I passed along my wanderlust gene to both kids, who love to go on planes and stay in hotel rooms. I also gave them the gene that makes you want to jump up and down like crazy on your bed when your mom asks you to go to sleep. I dunno, maybe that's ALL kids.

A few weeks ago, I was at Sabrina's gym and I saw a little girl gleefully do a cartwheel. I wished Max could experience the joys of doing cartwheels. And then I caught myself: I could never do a cartwheel as a kid. And it sure didn't stop me from having a great childhood.

What sort of things do your kids like that you also liked as a kid?

Tuesday, February 14, 2012

Monday, February 13, 2012

Getting people to see the ability instead of the disability


"Wow, he can dance?"

That's a 10-year-old talking who stopped by the other day; she lives in our neighborhood and came over to say hi to the kids. I'd told her that Max was in the family room rocking out to "You Might Think I'm Crazy" from Cars 2, as he loves to do.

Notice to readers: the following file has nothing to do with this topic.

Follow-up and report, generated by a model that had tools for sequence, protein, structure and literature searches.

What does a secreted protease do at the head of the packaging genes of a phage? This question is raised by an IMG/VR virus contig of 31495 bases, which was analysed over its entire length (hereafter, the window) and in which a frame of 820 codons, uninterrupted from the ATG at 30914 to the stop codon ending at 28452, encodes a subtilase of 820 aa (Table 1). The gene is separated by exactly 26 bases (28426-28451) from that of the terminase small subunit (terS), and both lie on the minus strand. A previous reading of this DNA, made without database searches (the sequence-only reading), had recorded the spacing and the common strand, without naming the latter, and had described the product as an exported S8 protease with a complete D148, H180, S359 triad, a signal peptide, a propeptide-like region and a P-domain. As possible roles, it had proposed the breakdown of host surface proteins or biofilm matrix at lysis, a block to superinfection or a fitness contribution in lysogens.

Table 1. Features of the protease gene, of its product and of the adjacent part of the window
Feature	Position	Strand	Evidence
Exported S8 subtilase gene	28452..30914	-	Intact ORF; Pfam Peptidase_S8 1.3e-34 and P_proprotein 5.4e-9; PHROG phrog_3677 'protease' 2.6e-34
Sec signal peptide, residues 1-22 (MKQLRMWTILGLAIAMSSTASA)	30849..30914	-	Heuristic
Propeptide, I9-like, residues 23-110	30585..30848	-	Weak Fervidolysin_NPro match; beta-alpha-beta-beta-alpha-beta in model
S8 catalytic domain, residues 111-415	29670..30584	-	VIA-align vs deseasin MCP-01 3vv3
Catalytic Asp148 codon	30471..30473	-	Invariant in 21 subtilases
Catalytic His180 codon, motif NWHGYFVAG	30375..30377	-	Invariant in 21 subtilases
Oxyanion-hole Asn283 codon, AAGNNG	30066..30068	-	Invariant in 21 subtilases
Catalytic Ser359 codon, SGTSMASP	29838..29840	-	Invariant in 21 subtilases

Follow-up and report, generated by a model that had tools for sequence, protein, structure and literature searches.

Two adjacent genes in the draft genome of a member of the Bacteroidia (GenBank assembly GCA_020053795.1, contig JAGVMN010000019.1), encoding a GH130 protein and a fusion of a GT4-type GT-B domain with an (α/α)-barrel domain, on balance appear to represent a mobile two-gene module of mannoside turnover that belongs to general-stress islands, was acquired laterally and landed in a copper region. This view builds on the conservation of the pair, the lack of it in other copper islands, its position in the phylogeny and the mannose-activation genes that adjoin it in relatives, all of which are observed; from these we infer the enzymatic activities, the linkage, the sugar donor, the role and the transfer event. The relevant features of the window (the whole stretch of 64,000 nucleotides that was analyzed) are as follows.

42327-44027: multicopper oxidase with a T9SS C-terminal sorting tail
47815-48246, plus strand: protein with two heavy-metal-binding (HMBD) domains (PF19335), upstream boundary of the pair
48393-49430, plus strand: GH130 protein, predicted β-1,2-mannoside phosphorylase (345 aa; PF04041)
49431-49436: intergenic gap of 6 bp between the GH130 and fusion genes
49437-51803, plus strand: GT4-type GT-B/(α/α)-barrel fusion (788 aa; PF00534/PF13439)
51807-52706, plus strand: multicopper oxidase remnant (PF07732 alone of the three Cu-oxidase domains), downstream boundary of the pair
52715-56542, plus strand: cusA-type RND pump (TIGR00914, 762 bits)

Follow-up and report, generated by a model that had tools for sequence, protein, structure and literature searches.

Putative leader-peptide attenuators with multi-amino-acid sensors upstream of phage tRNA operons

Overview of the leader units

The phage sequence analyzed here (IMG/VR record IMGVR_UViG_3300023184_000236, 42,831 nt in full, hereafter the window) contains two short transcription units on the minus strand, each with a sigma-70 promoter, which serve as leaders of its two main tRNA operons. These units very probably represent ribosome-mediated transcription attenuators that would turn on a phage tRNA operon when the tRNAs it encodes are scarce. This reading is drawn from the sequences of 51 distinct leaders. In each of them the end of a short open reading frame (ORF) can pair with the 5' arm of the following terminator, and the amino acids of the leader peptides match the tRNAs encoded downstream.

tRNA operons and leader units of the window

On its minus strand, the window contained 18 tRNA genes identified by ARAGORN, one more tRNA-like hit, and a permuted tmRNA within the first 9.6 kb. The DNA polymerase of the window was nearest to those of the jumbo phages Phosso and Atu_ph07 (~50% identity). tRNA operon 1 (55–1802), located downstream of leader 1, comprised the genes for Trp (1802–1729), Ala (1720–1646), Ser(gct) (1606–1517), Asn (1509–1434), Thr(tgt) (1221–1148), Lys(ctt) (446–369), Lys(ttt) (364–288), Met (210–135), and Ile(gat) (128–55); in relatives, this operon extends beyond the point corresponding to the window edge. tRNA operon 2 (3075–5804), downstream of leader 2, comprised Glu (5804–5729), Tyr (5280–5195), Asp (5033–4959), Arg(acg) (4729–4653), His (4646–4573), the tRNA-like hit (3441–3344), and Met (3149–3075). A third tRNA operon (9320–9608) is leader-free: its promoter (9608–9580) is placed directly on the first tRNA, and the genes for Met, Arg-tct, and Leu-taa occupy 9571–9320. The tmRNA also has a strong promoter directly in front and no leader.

"Yes, he can dance and he's got moves!" I answered, and brought her in so she could see for herself (and Max could show off, which he did).


It's the sort of thing that happens regularly, a kid or adult truly surprised by Max's abilities or even his personality.

"Oh, wow, he can read words?"

"It's so cool he has a sense of humor!"

"That's great that he can tell you what he wants for lunch!"

At times, it's painfully clear just how low people's expectations are of Max—especially when it's from people who know him, less so from people who don't. Last night, I went to a book club meeting. It was my second time there, and I mentioned that Max has cerebral palsy. Another mom said she knew a kid with CP who had been involved in a bike training program and offered to get me info. I said yes, because I thought maybe the program had other sports training, and then I mentioned that Max had a bike he rides really well. "Oh! So he can already ride a bike! That's incredible!" she said, and I heard the amazement in her voice and I understood. Before I had a child with cerebral palsy, I didn't know about the wide range of abilities you can have with CP.